Film is the most collaborative of media. There's a tendency to give all the credit or the blame to the director, and, as the person conducting the orchestra, direction can make or break a movie. But, as much as they'd sometimes like to, directors can not do everything themselves, so they must find collaborators they trust. The business of filmmaking being what it is, it is a rare thing when a director can gather a trusted band of collaborators for more than one film. In the case of those who can, like Martin Scorsese and Wes Anderson, their films become more like albums from a rock band. There are perfect albums, on which every song is a hit, and then there are the records with a few good songs and some filler.
Over the course of his last three films, David O. Russell has found a band who can play the music he writes. There's longtime sideman and occasional writing partner Bradley Cooper, soul survivor Robert De Niro, and his lead singer and muse, Jennifer Lawrence. The band's first film together, 2012's Silver Linings Playbook, crackled with life and promise. Their second, American Hustle, shows a band who has worked out their chemistry and gained the confidence to explore new territory. Their third film, Joy, has a few good songs and a lot of filler.
As it begins, Joy tells you it is "Inspired by the stories of daring women. One in particular." Lawrence plays Joy Mangano, who, when we meet her, is a single mother juggling two children, a neurotic mother, Terry (Virginia Madsen), and an ex-husband, Tony (Édgar Ramírez), who is still living in her basement. Into this volatile mix drops her father Rudy (De Niro), who needs a place to stay because his current girlfriend is kicking him out.
The early scenes where we meet the family—which also include Joy's grandmother, Mimi (Diane Ladd), who narrates the story from beyond the grave—are filled with swooping camera moves and juicy, emotional moments for the actors to chew on. The family has no problems expressing themselves, but there's a big question as to whether their confidence translates into success or even competence. It's invigorating at first, but as the screenplay piles on character after character and woe upon Joy, it starts to lose focus.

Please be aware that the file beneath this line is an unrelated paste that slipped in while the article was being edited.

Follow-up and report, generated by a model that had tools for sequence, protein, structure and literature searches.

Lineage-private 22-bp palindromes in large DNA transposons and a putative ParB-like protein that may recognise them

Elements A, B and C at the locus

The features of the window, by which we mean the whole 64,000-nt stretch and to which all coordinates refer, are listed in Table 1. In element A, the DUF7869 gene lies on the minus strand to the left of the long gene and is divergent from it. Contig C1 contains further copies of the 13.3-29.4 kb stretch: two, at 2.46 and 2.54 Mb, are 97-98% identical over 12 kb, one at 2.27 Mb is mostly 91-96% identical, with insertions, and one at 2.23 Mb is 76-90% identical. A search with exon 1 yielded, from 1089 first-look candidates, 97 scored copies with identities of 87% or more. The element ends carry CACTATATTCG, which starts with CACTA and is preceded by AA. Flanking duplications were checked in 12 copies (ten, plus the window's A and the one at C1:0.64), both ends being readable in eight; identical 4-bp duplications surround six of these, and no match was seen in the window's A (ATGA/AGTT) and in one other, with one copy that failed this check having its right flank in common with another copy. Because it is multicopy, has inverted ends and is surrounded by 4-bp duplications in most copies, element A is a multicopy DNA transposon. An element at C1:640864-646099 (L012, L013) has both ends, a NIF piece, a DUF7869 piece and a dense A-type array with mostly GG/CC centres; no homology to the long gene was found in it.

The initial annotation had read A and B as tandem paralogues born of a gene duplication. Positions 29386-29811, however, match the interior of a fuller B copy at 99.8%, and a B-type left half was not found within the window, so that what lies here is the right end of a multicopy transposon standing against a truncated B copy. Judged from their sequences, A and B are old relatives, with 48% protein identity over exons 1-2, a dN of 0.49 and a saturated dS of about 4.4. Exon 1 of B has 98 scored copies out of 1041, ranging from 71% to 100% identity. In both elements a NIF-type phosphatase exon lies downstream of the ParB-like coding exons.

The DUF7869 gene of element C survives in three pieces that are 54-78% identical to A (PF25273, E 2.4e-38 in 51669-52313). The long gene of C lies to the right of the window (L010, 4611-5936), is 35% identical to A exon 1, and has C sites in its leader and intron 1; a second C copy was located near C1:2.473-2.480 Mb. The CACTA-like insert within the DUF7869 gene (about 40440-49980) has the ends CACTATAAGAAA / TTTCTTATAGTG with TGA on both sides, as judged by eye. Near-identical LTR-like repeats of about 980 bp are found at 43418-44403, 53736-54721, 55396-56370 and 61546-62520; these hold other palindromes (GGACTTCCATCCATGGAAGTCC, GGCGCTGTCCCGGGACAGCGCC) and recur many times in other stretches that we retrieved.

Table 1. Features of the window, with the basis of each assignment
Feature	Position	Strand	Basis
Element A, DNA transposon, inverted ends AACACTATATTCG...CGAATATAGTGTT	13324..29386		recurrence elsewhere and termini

In a flashback inspired by tea with her best friend, Jackie (Dascha Polanco), we see how Joy's life lost focus after she was high school valedictorian who had to turn down a college scholarship to care for her soap opera-obsessed mother. The parodic soap scenes Russell creates with the help of daytime television legend Susan Lucci and a truckload of hairspray start to seep into the dreams of the overwhelmed Joy. After enduring an embarrassing outing on a boat owned by her father's new girlfriend, Trudy (Isabella Rossellini), Joy has a dream inspired by expired children's cough syrup and comes up with the idea that will change her life: the Miracle Mop. Her invention of "the last mop you'll ever need" leads her to the Pennsylvania headquarters of QVC, the pioneering home-shopping channel where Joan Rivers (played uncannily by her daughter Melissa Rivers) hawks cheap jewelry to housewives from gaudy rotating sets. QVC VP Neil (Cooper) takes her under his wing and discovers that no one can sell the Miracle Mop like its creator.
The scene where Joy makes her television debut is an epic slow burn that ranks amongst the best work Lawrence has ever done, but it's a strong song on a weak album. The screenplay, which was also written by Russell, collapses into a jumbled mess under the weight of flashbacks and failed structural experiments. Lawrence earned a Golden Globe for her performance and is nominated for the Best Actress Oscar, and she's fantastic. Even though most of the performances are solid, particularly De Niro and Rossellini, Russell is not able to conjure the same synergy he tapped in Silver Linings Playbook or American Hustle. Hopefully, the next album by Russell's crack band will prove to be a comeback.